The publishing world can be intimidating, especially in translation. How do editors evaluate the quality of a literary translation? How can a translator best present their work to a reader who might not know the source language and culture? How does a translator get permission to work on a writer’s original text?
In this six-week introductory class, students will work on a translation sample with an eye towards publication, learn how to get the rights to publish a work, find the right presses and journals for a translation project, write a pitch letter, plan a translation submission strategy, and learn how to revise their own work. Students will also have the chance to get feedback on their pitches and samples, learn about translation rates and publishing contracts, and get the tools to pitch and publish their work.
Note: This class is less focused on translation as a form, and more focused on publishing translations. If you’re interested in learning more about beginning the work of translating literature, please check out our other class with Bruna Dantas Lobato, The Art of Translation.
Class meetings will be held over video chat, using Zoom accessed from your private class page. While you can use Zoom from your browser, we recommend downloading the Zoom desktop client so you have access to all platform features.
- Familiarity with the publishing landscape and its inner workings, including foreign rights and publishing contracts
- Constructive, personalized feedback from peers and instructor on a translation project
- A solid portfolio and pitch letter template
- The tools become a published translator!
- 10% discount on all future Catapult classes
Students should expect to submit one translation into English from any language in the 5- to 10-page range for prose and 3-7 pages for poetry, or the beginnings of a book-length project, along with a pitch letter for their project. Students should also be prepared to read 20-30 pages each week and give feedback on their classmates' workshop and pitches. Fluency in another language and previous publishing or translation experience are NOT required in this class.
Week 1: Getting Started. In-class discussion on what draws you to a language and a text, choosing an author to translation, and getting started. In-class handout on the stages of publishing.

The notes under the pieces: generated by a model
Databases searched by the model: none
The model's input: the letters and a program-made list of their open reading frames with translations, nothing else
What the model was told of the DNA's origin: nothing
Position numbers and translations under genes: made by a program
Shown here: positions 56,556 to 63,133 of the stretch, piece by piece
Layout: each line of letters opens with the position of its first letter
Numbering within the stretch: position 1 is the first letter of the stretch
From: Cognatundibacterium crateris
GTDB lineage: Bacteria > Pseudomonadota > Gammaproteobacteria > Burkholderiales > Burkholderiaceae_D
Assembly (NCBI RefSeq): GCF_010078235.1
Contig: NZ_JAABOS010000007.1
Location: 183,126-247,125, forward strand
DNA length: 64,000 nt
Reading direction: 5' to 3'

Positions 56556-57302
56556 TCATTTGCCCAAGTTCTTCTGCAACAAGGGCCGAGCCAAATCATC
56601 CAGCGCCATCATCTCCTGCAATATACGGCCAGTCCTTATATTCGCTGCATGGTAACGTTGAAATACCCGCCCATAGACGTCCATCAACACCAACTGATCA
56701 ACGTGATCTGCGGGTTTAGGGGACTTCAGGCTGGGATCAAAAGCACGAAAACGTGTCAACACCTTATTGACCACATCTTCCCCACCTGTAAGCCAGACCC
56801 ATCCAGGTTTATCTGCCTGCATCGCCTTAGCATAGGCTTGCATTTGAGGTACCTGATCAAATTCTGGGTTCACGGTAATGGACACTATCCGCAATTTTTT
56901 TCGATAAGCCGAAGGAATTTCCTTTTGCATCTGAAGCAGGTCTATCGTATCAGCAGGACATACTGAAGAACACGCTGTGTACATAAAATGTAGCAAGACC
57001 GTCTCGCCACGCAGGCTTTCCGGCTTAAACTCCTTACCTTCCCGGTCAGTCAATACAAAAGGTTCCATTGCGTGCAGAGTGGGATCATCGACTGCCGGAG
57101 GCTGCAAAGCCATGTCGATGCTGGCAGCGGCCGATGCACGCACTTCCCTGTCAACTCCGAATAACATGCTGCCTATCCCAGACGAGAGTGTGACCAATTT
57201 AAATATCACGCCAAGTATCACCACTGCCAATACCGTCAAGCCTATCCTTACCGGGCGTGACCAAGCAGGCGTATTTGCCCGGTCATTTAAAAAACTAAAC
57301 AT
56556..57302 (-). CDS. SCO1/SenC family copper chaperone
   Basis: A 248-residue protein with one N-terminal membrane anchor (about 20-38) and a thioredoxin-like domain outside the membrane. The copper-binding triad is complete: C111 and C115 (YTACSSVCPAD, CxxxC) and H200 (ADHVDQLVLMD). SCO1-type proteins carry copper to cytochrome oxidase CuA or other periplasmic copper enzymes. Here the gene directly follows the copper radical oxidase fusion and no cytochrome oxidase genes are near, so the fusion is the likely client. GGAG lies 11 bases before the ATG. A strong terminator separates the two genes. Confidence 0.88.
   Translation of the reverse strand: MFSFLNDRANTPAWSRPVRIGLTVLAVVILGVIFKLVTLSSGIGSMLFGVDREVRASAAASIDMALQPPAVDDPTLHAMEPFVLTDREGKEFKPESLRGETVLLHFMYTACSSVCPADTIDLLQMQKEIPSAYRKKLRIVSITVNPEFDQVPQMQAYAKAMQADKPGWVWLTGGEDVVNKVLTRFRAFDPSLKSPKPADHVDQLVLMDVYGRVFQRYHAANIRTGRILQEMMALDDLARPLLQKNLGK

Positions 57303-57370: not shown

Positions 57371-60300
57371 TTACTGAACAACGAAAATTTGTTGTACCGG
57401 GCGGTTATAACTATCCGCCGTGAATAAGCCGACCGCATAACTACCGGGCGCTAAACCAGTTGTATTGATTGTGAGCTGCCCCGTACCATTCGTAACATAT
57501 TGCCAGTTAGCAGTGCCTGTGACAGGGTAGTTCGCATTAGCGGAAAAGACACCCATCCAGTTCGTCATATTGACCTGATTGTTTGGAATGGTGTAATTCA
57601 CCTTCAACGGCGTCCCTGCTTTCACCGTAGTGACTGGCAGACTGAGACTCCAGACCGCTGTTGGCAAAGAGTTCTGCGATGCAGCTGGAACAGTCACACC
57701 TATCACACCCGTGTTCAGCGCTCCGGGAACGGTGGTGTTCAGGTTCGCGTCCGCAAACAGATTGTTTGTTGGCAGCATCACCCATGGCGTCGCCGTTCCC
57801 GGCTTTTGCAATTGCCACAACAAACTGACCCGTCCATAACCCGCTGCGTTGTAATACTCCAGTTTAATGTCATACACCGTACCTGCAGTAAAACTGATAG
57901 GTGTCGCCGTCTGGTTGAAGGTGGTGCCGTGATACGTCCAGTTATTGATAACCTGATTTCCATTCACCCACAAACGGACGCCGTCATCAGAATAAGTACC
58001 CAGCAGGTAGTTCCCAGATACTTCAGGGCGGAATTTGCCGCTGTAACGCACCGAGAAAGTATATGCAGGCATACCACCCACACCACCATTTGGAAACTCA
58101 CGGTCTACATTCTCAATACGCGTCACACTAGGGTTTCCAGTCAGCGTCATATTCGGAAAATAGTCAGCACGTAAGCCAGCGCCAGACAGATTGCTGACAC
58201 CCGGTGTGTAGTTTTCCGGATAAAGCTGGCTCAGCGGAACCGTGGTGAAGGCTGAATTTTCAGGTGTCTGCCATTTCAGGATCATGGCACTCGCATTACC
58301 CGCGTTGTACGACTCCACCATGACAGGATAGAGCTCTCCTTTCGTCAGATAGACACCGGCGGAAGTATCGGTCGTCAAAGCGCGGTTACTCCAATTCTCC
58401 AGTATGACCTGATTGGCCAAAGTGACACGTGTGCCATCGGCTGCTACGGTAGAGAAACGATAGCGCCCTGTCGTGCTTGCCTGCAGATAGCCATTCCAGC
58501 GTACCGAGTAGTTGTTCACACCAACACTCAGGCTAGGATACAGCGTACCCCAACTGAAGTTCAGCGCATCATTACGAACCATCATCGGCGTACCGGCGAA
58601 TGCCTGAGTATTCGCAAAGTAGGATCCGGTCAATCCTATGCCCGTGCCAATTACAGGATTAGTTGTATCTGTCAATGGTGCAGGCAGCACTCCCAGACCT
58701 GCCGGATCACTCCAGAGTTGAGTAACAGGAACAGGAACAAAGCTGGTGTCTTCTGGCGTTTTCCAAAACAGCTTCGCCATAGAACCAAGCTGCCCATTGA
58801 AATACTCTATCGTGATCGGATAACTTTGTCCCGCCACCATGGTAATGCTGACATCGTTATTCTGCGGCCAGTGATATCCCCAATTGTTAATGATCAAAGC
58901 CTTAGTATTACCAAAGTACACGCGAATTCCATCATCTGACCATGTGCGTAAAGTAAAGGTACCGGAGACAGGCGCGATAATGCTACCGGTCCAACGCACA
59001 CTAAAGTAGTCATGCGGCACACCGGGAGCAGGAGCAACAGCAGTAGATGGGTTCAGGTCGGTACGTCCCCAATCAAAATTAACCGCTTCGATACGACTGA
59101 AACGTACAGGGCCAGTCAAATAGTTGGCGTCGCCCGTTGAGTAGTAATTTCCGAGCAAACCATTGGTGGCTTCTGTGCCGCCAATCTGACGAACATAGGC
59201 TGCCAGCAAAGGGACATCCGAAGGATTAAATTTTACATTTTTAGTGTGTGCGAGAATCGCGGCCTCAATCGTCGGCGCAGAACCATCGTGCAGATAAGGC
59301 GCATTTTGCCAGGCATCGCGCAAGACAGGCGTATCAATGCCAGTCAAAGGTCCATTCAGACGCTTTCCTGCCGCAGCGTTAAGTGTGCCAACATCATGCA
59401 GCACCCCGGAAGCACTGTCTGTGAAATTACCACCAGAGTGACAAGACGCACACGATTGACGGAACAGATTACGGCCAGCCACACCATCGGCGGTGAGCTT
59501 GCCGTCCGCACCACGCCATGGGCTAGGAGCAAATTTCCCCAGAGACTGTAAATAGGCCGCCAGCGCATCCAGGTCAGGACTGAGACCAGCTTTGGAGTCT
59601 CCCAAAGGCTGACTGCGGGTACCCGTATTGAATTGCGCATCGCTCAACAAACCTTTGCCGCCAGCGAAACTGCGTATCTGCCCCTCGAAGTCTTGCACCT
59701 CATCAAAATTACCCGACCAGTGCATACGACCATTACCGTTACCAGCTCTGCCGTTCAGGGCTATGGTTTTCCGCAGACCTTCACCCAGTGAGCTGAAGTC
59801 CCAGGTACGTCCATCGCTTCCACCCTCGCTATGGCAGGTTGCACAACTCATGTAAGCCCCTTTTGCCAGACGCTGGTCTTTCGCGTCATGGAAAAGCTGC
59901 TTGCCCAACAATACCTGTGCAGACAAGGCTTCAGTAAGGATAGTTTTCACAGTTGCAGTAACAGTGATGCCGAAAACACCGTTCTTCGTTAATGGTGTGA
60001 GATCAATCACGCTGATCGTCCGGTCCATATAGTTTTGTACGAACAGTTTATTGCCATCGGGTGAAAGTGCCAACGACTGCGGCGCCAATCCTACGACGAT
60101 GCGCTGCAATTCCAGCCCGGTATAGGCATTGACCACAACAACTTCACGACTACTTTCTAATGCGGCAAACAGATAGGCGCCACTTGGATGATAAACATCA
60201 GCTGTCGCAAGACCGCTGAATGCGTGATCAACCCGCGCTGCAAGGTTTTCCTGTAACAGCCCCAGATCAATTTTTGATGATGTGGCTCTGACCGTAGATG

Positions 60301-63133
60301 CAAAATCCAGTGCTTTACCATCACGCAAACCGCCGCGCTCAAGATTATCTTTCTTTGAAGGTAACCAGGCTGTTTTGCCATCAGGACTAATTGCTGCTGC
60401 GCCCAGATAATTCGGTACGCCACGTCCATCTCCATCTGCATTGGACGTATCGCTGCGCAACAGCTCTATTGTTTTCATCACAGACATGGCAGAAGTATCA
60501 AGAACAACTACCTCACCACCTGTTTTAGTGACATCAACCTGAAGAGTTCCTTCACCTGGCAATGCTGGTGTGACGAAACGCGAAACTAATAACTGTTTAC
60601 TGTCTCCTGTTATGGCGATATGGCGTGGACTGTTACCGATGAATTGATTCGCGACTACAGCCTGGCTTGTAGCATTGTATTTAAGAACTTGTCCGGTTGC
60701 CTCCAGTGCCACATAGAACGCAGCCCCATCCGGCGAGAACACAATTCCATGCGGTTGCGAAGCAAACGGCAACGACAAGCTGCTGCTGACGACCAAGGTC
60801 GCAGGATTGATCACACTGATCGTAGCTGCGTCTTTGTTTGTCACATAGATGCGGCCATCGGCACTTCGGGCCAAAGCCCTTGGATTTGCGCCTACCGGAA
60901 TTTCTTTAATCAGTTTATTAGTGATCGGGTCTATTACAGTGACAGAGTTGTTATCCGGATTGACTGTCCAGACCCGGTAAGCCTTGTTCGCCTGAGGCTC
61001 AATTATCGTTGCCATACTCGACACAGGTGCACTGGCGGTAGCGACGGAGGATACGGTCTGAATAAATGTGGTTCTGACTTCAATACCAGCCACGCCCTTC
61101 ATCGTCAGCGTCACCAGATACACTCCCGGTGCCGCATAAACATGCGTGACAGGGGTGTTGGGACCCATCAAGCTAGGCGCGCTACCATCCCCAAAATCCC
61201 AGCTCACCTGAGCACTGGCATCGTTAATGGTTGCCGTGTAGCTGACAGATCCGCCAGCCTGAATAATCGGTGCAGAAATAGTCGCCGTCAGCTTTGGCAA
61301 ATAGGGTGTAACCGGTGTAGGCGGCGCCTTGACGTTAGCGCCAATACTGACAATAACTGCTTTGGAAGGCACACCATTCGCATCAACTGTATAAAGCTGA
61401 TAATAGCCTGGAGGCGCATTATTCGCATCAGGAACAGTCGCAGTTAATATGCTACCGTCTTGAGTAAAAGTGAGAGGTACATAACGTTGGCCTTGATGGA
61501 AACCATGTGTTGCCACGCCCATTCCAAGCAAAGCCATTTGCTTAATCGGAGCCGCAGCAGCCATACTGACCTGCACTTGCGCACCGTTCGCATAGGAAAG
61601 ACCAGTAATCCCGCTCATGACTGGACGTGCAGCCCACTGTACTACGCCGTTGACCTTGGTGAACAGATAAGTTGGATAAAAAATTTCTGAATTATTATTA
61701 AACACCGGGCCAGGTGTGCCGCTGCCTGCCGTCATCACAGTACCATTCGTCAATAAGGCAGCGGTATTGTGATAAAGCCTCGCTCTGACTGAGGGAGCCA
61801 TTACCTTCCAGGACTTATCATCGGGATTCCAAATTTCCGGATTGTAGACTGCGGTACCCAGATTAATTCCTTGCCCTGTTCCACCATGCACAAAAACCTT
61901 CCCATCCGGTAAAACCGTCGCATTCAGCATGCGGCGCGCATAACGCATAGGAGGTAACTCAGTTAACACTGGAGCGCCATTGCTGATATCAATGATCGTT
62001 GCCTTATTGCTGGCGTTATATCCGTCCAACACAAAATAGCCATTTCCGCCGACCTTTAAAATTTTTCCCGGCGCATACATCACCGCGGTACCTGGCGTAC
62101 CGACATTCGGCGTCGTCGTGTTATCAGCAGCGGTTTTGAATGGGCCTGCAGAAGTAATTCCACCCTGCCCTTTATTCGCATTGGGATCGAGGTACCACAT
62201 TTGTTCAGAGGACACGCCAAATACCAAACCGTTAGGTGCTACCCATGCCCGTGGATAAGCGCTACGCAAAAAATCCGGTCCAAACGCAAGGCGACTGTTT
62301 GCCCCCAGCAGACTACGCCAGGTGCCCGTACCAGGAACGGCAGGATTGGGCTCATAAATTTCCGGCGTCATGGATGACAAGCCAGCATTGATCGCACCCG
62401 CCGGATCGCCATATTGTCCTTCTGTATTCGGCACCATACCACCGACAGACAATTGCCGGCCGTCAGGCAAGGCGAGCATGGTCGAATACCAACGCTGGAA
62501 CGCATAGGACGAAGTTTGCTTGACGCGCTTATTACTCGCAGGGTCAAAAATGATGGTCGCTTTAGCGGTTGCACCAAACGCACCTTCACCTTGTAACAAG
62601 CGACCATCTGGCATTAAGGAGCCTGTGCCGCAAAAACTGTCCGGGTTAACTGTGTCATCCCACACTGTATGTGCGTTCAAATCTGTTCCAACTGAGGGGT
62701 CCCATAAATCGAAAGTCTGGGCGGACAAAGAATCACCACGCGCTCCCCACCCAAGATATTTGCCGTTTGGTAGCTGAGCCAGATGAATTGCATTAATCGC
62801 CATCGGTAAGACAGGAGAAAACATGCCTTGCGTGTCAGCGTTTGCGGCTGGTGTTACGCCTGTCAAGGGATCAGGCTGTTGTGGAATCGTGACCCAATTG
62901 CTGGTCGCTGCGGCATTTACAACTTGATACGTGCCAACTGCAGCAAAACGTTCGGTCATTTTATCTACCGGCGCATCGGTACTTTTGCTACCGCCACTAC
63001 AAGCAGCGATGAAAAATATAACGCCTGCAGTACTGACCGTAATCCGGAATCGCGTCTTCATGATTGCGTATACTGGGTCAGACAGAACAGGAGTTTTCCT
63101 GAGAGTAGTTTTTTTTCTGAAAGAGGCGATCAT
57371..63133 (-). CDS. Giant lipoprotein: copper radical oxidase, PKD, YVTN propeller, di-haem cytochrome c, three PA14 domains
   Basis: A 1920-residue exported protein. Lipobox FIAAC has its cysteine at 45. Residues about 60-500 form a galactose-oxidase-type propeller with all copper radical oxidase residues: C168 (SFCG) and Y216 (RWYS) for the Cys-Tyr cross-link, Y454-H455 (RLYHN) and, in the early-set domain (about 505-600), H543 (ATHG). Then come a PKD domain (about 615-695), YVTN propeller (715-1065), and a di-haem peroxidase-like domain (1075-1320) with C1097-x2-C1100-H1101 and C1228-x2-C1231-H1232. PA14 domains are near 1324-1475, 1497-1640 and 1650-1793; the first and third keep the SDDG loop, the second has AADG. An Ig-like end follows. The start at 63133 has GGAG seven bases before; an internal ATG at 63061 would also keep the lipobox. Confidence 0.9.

Week 2: The Rules of the Game. Assigned reading, in-class writing assignment, and in-class discussion on foreign rights, translation strategies, getting started on a pitch, and writing about translation.
Week 3: Translation in Practice I. Workshop #1, including a list of questions you’ve encountered while writing about your portfolio. Further reading on revision and evaluating the quality of a translation.
Week 4: Translation in Practice II. Workshop #2. Further reading on writing about translation and revision.
Week 5: Pitching Your Ideas. Assigned reading, in-class submission strategy exercise, and in-class discussion on revision, successful pitches, and finding the right press or journal for a project.
Week 6: The Fine Print. Assigned reading, in-class discussion on contracts, translation rates, finding a translation community and professional resources, plus general advice.
Bruna Dantas Lobato is a writer and literary translator based in St. Louis. Her fiction has appeared in The New Yorker, A Public Space, The Common, and elsewhere, and has been recognized with fellowships from Yaddo, A Public Space, NYU, and Disquiet International. Her literary translations include Caio Fernando Abreu's Moldy Strawberries (Archipelago Books), Stênio Gardel’s The Words that Remain (New Vessel Press), and Giovana Madalosso's Tokyo Suite (Europa Editions).
"In Bruna Dantas Lobato’s translation, Caio Fernando Abreu’s MOLDY STRAWBERRIES passes the microphone to the people on the other side of power: the junkies, failed revolutionaries, beggars, and drag queens who, at times like these, have the most to lose. Told by one of Brazil’s greatest gay writers, this book unfurls in long, elegant sentences, evoking the inner lives of people this society—like so many others—too often prefers to forget."
"As a writer, Bruna Dantas Lobato fits whole worlds into careful, spare sentences. As a translator and reader, she can reverse engineer: finding the heart of a piece through her careful attention to detail and intent. Her work places her among the rare and multi-talented who approach reading and writing with insight, courage, and a healthy sense of fun."
"Bruna is a fantastic writer and editor with a sharp eye for detail and subtext. She has been a great editor of my work, always generous, kind, and attentive to what could best serve my prose."
"Bruna’s edits are excellent and I am so appreciative of her talent. I've learned the hard way that editing in itself is an art form and much time can be wasted engaging with those who can't edit. She has a gift for recognizing the strengths of a piece, and I feel like a better writer every time I engage with her."